The surprisingly delightful musings of a humble Virginian whose satiric paeons to a plausible utopia implicitly shame the cynical zeitgeist of our times, causing it to cry, as 'twere, 'Damn, what was I thinking?' or words to that effect.

June 2018

Interview with (Depressed) Greatness

with host Ellen Winfrey

ELLEN WINFREY: Brian, you have often been cited as an (and I quote) "unsung hero" and, indeed, a "savior of mankind."

BRIAN: Oh, my.

ELLEN WINFREY: Please explain.

BRIAN: I wish I could.

ELLEN WINFREY: Come on, now.

BRIAN: Listen, I'm just a humble guy. I put my trousers on one leg at a time like everybody else.


BRIAN: That's right. I first stick my left leg into the nearest trouser leg, and then I remove it from the same in the rare event that I happen to have chosen the wrong receptacle for the limb in question.

ELLEN WINFREY: What? Wouldn't it be easier to find the correct trouser leg first and then insert the limb, as you call it?

BRIAN: You'd think so, but it takes time to make that call, so I prefer to rely on serendipity, which, in a keen and perceptive life like my own, is almost always going to work to the benefit of the moral agent.

ELLEN WINFREY: (pauses, shakes head, as if to rid it of the jumbled conceptions advanced by her interlocutor) OK, let's put your trouser legs aside for the moment.

BRIAN: Done.

ELLEN WINFREY: Where do you stand on LSD?

BRIAN: Oh-ho-ho!

ELLEN WINFREY: I hear you're something of a maverick in that quarter.

BRIAN: Right, well, first a little background news for your benighted audience.

ELLEN WINFREY: Ex-squeeze me.

BRIAN: Or rather the rare souls amongst that audience who are not yet privy to the cutting-edge on matters psychopharmaceutical.

ELLEN WINFREY: That's more like it.

BRIAN: You must know then, dummies --


BRIAN: I'm speaking only to the benighted few, Ellen.


BRIAN: You must know then that, LSD and other psychedelic therapies are back, after being persecuted and prosecuted for 40+ years by scientists and government bureaucrats who wouldn't know a cure for depression if it came up and bit them on the --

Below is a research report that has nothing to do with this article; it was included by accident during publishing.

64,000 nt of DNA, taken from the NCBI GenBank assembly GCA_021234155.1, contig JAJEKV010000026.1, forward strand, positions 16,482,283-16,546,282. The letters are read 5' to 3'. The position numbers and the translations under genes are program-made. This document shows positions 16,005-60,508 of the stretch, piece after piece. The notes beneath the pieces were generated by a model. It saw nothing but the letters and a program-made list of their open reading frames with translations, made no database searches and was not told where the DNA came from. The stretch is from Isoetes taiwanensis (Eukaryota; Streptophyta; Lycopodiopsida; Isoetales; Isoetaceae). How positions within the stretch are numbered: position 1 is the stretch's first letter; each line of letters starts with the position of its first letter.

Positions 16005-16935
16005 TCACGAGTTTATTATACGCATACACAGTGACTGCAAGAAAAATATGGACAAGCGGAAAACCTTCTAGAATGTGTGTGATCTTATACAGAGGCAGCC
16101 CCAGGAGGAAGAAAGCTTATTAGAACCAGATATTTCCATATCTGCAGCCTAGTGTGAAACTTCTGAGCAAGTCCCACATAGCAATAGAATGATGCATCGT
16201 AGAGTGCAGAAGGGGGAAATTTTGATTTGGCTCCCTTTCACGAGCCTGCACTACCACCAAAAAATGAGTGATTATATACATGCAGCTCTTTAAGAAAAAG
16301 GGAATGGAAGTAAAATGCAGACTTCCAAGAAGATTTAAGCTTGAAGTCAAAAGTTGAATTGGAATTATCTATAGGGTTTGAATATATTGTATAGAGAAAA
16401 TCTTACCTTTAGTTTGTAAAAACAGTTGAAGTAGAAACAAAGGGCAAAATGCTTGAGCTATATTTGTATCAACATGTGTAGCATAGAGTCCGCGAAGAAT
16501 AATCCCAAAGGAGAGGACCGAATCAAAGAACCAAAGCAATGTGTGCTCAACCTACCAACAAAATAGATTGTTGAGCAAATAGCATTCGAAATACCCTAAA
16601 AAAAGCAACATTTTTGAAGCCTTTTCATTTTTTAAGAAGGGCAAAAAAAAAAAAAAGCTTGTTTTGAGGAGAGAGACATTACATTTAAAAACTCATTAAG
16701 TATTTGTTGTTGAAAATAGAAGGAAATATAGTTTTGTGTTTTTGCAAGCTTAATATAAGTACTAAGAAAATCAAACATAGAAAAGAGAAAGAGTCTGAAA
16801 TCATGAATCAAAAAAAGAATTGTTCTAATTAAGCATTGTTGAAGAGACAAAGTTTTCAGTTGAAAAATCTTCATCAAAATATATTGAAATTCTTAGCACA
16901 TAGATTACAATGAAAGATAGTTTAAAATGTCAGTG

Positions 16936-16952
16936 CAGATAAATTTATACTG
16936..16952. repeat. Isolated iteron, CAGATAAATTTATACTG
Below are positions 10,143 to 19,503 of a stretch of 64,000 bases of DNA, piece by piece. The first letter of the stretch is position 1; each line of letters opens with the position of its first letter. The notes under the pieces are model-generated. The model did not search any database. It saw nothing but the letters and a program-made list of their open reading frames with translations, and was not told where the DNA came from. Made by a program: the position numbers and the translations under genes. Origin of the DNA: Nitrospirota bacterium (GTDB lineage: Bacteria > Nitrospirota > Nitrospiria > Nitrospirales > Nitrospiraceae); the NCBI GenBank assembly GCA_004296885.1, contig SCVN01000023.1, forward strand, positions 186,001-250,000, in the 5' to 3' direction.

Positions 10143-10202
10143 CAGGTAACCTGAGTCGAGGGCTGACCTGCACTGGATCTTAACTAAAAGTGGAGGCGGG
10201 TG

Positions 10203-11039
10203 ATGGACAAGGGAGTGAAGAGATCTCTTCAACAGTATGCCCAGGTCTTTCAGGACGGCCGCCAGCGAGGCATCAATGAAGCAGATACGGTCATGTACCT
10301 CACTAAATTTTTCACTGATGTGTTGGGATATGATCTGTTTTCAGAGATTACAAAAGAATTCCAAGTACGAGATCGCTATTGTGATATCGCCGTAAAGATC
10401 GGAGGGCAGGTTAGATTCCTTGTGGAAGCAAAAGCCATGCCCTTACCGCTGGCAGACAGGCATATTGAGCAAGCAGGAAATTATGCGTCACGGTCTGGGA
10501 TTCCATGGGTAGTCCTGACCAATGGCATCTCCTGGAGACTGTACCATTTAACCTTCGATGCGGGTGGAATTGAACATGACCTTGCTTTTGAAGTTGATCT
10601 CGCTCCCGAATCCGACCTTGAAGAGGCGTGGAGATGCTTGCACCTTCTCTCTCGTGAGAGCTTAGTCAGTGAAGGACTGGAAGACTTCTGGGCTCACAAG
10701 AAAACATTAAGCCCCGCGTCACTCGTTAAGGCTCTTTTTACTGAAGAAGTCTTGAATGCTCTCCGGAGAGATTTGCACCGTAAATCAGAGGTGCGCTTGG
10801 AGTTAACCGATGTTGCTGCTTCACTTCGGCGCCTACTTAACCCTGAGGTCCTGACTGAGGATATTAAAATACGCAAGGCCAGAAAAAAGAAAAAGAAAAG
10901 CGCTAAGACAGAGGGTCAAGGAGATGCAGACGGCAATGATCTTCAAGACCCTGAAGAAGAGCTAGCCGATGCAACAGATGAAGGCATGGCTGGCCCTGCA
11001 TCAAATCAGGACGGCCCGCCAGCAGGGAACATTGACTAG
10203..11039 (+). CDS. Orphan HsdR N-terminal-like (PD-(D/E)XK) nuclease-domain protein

ELLEN WINFREY: Language, Brian! Language!

BRIAN: Oh, phooey!

ELLEN WINFREY: OK, we get it. LSD is now back in fashion as a mental health therapy.

BRIAN: Word.

ELLEN WINFREY: But how do you, Brian Q., figure into this new state of affairs? I mean, who died and made YOU relevant?

BRIAN: Good question. I mean, I'm hardly a Tom Shroder (author of Acid Test) or a James Fadiman (author of The Psychedelic Explorer's Guide) or a Rick Strassman (author of DMT: The Spirit Molecule) --

ELLEN WINFREY: Nor are you a Stanislav Grof (author of the Transpersonal Vision), nor a Michael Pollan (author of How to Change Your Mind) --

BRIAN: Well--

ELLEN WINFREY: And you're certainly not an Aldous Huxley (author of the Doors of Perception) nor a Terence McKenna (author of Food of the Gods).

BRIAN: OK, now you're just rubbing it in.

ELLEN WINFREY: So then what do you have to say on this matter that hasn't been said before?

BRIAN: Funny you should ask.

ELLEN WINFREY: Oh, hilarious.

BRIAN: None of these writers have yet dared to properly contrast the huge potential of psychedelic therapy with the hideous inadequacy of the present mental health status quo.


BRIAN: Everybody assumes that the current system works well, or implies as much by their silence on that subject.


BRIAN: Don't "word" ME, Ellen. Let me tell you about this current system of yours.


BRIAN: Under this current WONDERFUL system of yours, depression patients like myself are addicted to an SSRI for life -- in my case Effexor.

ELLEN WINFREY: Ding ding ding. Confession time! Zoom in, all cameras. Zoom in.

BRIAN: Don't get me wrong: This system works fine -- for Big Pharma, that is, who has me on the installment plan for life, paying for their houses, their kids' education, their vacations to Disneyland.